Terrence Malick, Gu Changwei Among Filmmakers Linked to Cannes XR Program

Courtesy of VeeR

From Terrence Malick to Gu Changwei, there are some familiar and high-profile names associated with the Marché du Film’s Cannes XR program.

Dedicated to immersive entertainment, this week’s Cannes XR has two main ambitions, according to Guillaume Esmiol, deputy director of the Marché du Film.

The first is to support the XR community with a competition, conference, networking platform and development showcase as well as financing and distribution opportunities.

The second ambition, says Esmiol, is “to explain XR to traditional cinema,” so that film execs and creatives attending the Cannes Film Festival in person or virtually can learn more about the medium.

For the fledgling but fast developing XR industry, connections with the film industry are seen as key to help it grow in the future. The skills of storytellers and production talent are all needed to create the compelling content that XR requires to reach wider audiences.

These connections are clearly visible at Cannes XR. “Evolver-Prologue,” a music-filled immersive film that is executive produced by Malick (“The Tree of Life”) and Edward R. Pressman (“The Crow”) is set to be partly unveiled at Cannes XR. The project reteams Malick and Pressman, whose first creative collaboration dates back to 1973 with Malick’s feature debut “Badlands.”

Meanwhile, leading Chinese filmmaker Gu leads the jury of the VeeR Future Award 2021, a cornerstone competition of the Cannes XR program. Gu’s debut directorial feature “Peacock” vied for the Palme d’Or in 2004 and he was the cinematographer of “Farewell My Concubine,” the only Chinese-language film to have won the Palme d’Or.

Cannes XR is to showcase 50 titles within its XR3 virtual reality exhibition, which it has put together in collaboration with NewImages Festival and Tribeca Festival.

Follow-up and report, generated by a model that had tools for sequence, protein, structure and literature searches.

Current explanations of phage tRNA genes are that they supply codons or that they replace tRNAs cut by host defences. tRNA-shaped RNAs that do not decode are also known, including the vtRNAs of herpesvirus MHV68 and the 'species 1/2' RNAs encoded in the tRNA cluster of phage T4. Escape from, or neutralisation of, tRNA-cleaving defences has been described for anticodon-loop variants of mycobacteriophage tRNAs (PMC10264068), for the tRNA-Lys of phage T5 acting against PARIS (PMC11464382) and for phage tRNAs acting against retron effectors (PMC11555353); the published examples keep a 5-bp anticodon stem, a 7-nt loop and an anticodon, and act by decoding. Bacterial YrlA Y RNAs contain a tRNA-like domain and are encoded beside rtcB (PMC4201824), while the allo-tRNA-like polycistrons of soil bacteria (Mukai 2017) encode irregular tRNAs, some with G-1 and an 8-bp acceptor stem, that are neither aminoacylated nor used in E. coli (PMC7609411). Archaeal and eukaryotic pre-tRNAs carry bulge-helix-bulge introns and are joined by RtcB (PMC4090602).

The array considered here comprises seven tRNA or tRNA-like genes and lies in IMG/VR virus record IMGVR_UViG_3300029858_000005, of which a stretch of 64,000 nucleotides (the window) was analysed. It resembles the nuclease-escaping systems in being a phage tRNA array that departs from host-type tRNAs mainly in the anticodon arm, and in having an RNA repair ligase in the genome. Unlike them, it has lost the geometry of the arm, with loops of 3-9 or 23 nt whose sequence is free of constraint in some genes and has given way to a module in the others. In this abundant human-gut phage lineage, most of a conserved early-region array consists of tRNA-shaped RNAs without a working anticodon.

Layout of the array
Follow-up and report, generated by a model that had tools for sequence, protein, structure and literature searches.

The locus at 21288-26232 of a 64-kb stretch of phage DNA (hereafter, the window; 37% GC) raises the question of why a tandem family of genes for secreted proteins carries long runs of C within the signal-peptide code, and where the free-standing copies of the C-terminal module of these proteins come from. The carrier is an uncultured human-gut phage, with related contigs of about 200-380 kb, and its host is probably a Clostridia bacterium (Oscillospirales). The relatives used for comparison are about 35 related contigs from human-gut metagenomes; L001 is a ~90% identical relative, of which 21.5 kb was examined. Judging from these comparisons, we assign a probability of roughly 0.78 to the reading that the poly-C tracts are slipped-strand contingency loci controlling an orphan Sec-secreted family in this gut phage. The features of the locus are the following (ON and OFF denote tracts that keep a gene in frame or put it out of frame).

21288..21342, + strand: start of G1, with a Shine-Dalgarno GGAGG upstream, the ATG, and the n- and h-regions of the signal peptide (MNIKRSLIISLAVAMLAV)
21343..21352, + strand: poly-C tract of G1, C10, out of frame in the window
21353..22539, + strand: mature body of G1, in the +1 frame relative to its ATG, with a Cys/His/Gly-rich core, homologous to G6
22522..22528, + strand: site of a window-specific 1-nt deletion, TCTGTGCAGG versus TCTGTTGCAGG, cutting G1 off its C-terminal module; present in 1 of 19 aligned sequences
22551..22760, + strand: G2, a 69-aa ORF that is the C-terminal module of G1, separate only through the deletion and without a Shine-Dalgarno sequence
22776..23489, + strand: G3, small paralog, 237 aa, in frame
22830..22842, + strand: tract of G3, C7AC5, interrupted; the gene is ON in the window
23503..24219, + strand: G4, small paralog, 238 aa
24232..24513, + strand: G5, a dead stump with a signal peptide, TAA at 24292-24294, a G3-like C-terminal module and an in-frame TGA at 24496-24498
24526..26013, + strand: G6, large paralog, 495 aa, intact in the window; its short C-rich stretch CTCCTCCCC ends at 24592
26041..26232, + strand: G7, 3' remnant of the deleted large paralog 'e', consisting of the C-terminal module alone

Each of the three festivals’ VR selections will be made available at the Museum of Other Realities (MOR), a virtual exhibition space. Marché du Film badge holders with a tethered VR headset can gain online access through the MOR app. Those without a VR headset can experience XR3 onsite at the Marché du Film or at a number of location-based VR stations around the world.

Cannes XR has partnered with VR content platform VeeR and VR software developer Unity to curate its showcase of 21 immersive entertainment titles within the XR3 program.

Sixteen projects are available to view in the VeeR Future Award, while another five can been seen in the Unity for Humanity showcase.

Surveying the selection, Cannes XR program leader Joséphine Bories says many of the projects deal with issues such as mental health, sexuality, human nature and the environment.

“Deep,” for example, is billed as a restful, calming “meditative underwater space that reacts to your breath” allowing participants to rise up from the ocean floor as they inhale, and drift back down as they exhale, and to explore caves, ravines and open ocean.

Lazy loaded image
Samsara Courtesy of VeeR

Elsewhere, “Biolum” by French director Abel Kohen is pitched as a cinematic VR sci-fi/factual experience that thrusts the user into the role of an experienced diver exploring the abyss, who discovers bioluminescent parasites are infecting ocean flora and fauna.

VeeR co-founder Chen Jingshu says that this year’s VeeR Future Award showcase has expanded from 360° films to also include the more immersive 6DoF VR experiences.

The success of the Oculus Quest headset means that more money is now being invested in 6DoF content, and more creatives are exploring ways of telling stories in 6DoF. This has pushed up the range and quality of the selection, and made the VeeR Future Award more competitive too, says Chen.

Good examples of 6DoF experiences include “Madrid Noir: Looking for Lola,” a Madrid-set interactive animation about a young woman searching for clues about her recently deceased uncle. “Samsara,” meanwhile, allows audiences to be transformed into different beings’ bodies and experience the world from new perspectives. “The Hangman at Home,” meanwhile, is inspired by the iconic Carl Sandburg poem that begins: “What does the hangman think about when he goes home at night from work?”

That’s not to say 360° films are not in the running. Live action 360° films in particular can provide an emotional connection with viewers that animated immersive projects can sometimes struggle to replicate.

Indeed, Chen stresses that each of the 16 projects vying for one of two awards – Best VR Story and Best VR Interactive Experience – will be judged on three key criteria: storytelling, emotion and innovation.

Lazy loaded image
The Hangman at Home Courtesy of VeeR